If you want to install any additional PHP libraries you can do so using yum, but make sure you specify “php56w” and not “php” on its own. You should know already what libraries you use, if you don’t know you will eventually get errors that should be easy to fix. If there are issues that mbstring or any php library is not installed you can install it by typing “php56w-name-of-lib”. Here are some sample libraries that you might need.

Missing dependencies after installing??
You will likely have some missing dependencies after the upgrade. There is no need to worry, you can reinstall them nice and easy. For example, after the upgrade you discover that scripts are failing when they try to process images. There is a good chance that it’s because the image GD library is missing. Running “yum install php56w-gd” will install the package and the errors will go away. The same applies to any other error messages you might be coming across for missing dependencies.

Installing Laravel is a simple setup, but it seems like a lot of simple things also go wrong and if you don’t know how to handle them it can get quite difficult to figure out what is the cause and how to fix it. One of the most common errors you are going to come across is “Laravel: command not found”. There is no need to worry! This error is common even if you have installed everything correctly. Nothing is actually wrong just a small quick fix.

On the official tutorial for Laravel, you will come across the following message that throws quite a few people off.
“Make sure to place the ~/.composer/vendor/bin directory in your PATH so the Laravel executable is found when you run the Laravel command in your terminal.” This means place the location of Laravel to your PATH file so that you can use the Laravel command. If you don’t do this you will see the following when you run a Laravel command.

I’m going to assume that you have used composer to install Laravel. If not then you will need to update the path below to the location of Laravel on your system. Everything else will remain the same. So the issue here is that the PATH file does not know where Laravel is installed. All you have to do is update PATH so that it knows where Laravel is.

I’m going to break this down a bit just in case you haven’t used composer to install Laravel. $PATH: contains the current contents of the PATH file. This is required so you don’t overwrite the current contents of the PATH. The content after PATH is the location of Laravel. If you use composer it is most likely installed in your users directory. e.g. “/root/.composer/vendor/bin”. You can change the directory to whatever directory you have Laravel installed to. The code below should work if you installed Laravel with composer.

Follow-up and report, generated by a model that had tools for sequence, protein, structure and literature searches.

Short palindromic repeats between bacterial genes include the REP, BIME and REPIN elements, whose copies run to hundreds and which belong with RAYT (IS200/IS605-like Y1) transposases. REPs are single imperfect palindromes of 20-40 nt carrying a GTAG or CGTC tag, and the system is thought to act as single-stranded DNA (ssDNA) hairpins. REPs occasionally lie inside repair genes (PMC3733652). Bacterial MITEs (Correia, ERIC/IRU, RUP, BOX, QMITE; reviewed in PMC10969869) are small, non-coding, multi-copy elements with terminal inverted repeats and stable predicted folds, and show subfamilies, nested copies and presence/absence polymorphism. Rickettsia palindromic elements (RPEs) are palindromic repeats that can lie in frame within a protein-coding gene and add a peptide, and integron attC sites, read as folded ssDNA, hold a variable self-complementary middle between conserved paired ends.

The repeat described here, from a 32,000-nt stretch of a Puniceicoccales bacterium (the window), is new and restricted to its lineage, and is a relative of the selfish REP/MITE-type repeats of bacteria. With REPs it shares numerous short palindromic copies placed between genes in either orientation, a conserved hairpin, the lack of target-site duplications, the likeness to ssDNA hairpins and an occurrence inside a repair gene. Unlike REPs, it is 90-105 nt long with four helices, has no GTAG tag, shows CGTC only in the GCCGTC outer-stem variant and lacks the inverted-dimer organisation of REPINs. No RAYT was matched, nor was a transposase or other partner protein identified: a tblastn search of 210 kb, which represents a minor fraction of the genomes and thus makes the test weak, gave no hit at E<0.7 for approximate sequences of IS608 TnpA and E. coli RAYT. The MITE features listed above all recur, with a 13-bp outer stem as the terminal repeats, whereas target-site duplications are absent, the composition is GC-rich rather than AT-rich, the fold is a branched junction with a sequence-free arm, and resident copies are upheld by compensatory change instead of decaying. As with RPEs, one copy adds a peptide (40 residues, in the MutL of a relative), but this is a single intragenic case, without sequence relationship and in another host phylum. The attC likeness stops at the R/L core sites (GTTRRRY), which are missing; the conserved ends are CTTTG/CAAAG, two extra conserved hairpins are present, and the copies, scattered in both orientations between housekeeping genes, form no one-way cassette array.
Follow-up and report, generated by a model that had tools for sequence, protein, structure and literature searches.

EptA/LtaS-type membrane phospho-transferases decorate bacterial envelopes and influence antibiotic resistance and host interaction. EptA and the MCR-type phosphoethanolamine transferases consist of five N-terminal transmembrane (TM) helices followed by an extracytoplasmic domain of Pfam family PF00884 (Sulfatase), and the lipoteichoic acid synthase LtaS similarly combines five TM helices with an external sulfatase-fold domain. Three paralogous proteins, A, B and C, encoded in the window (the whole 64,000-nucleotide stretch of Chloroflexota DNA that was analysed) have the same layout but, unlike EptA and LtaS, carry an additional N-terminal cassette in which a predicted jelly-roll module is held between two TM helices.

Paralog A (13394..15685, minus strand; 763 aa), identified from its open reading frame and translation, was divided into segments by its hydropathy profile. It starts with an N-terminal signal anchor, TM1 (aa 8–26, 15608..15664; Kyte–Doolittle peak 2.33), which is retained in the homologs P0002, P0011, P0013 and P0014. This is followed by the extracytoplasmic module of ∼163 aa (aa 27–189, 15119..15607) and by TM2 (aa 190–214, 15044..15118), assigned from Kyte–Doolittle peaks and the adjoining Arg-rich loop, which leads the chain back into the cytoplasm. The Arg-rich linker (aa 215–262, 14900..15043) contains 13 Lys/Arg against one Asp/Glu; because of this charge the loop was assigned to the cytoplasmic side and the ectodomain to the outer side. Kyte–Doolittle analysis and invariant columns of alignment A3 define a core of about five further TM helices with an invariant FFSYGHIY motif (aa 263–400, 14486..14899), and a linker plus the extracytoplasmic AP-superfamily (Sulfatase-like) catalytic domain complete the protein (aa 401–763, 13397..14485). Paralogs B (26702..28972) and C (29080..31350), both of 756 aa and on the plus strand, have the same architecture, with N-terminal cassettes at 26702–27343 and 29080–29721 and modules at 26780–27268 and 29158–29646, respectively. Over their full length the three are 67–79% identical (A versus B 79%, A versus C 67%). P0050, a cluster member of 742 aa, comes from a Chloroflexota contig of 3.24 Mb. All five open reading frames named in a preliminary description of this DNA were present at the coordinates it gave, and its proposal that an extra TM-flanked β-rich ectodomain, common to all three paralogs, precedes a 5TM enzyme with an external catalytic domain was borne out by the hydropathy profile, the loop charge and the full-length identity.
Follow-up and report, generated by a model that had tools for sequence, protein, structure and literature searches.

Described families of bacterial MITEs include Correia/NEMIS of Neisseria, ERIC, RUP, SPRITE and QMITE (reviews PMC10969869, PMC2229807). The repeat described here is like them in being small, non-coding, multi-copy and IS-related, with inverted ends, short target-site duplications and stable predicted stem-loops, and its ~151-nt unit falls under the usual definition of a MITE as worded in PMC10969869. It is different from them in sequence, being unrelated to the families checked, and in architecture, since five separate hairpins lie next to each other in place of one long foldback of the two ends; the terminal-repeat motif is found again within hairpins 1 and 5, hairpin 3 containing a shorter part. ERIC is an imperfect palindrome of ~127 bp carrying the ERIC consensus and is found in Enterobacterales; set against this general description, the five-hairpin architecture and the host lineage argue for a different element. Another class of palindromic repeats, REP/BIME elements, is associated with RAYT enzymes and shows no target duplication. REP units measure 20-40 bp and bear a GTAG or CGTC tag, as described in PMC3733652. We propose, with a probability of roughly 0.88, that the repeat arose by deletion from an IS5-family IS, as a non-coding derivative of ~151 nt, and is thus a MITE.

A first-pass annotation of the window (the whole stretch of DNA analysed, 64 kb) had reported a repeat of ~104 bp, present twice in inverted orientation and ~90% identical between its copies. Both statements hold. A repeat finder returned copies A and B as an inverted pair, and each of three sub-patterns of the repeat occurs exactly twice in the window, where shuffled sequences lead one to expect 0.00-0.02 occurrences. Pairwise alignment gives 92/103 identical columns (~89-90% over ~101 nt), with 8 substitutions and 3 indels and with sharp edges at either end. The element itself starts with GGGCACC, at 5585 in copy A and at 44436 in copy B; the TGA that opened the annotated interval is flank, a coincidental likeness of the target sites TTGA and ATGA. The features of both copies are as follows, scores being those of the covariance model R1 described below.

You should now be able to use Laravel commands regardless of your working directory. To test if this is working, retry the following command.

When using SVN via command line you can view the details of previous revisions by viewing the SVN log. Call the log along with the number of revisions you want to have returned to you will display the message left when the file was committed, number of lines changed, user, date and a few other details. Ideally you would have access to a GUI tool such as tortoise SVN which will give you a much more feature rich log along with the ability to compare current revisions with past revisions.

In order for this to work you need to be in the directory of an SVN checkout. If you do this in a directory that is not a SVN folder you will get an error message due to an unrecognized directory.

If you want to display everything within a specific date range you can use the following

If you want to list everything (may not be all that good of an idea if you have a huge amount of revisions).

Ascending Order

Descending Order

In most cases Apaches log file will be located in “/var/log/httpd”, but this isn’t always the case. If you have checked this directory and the file is not present then you will have to check Apaches “httpd.conf” file in order to find out where it is writing the log files to. Alternatively use grep to find the location of the file.

There are 2 ways to open log files. Either a static view of the file or a live auto updating view of the log file. The following code can apply to any log file, it is not specific to Apache. You can replace the path variable to open any other log file for the same effect.

Display static contents of the log file.

Get live feed of from the log file. This will display the last few entries and update the command shell output as more data is written to the log file.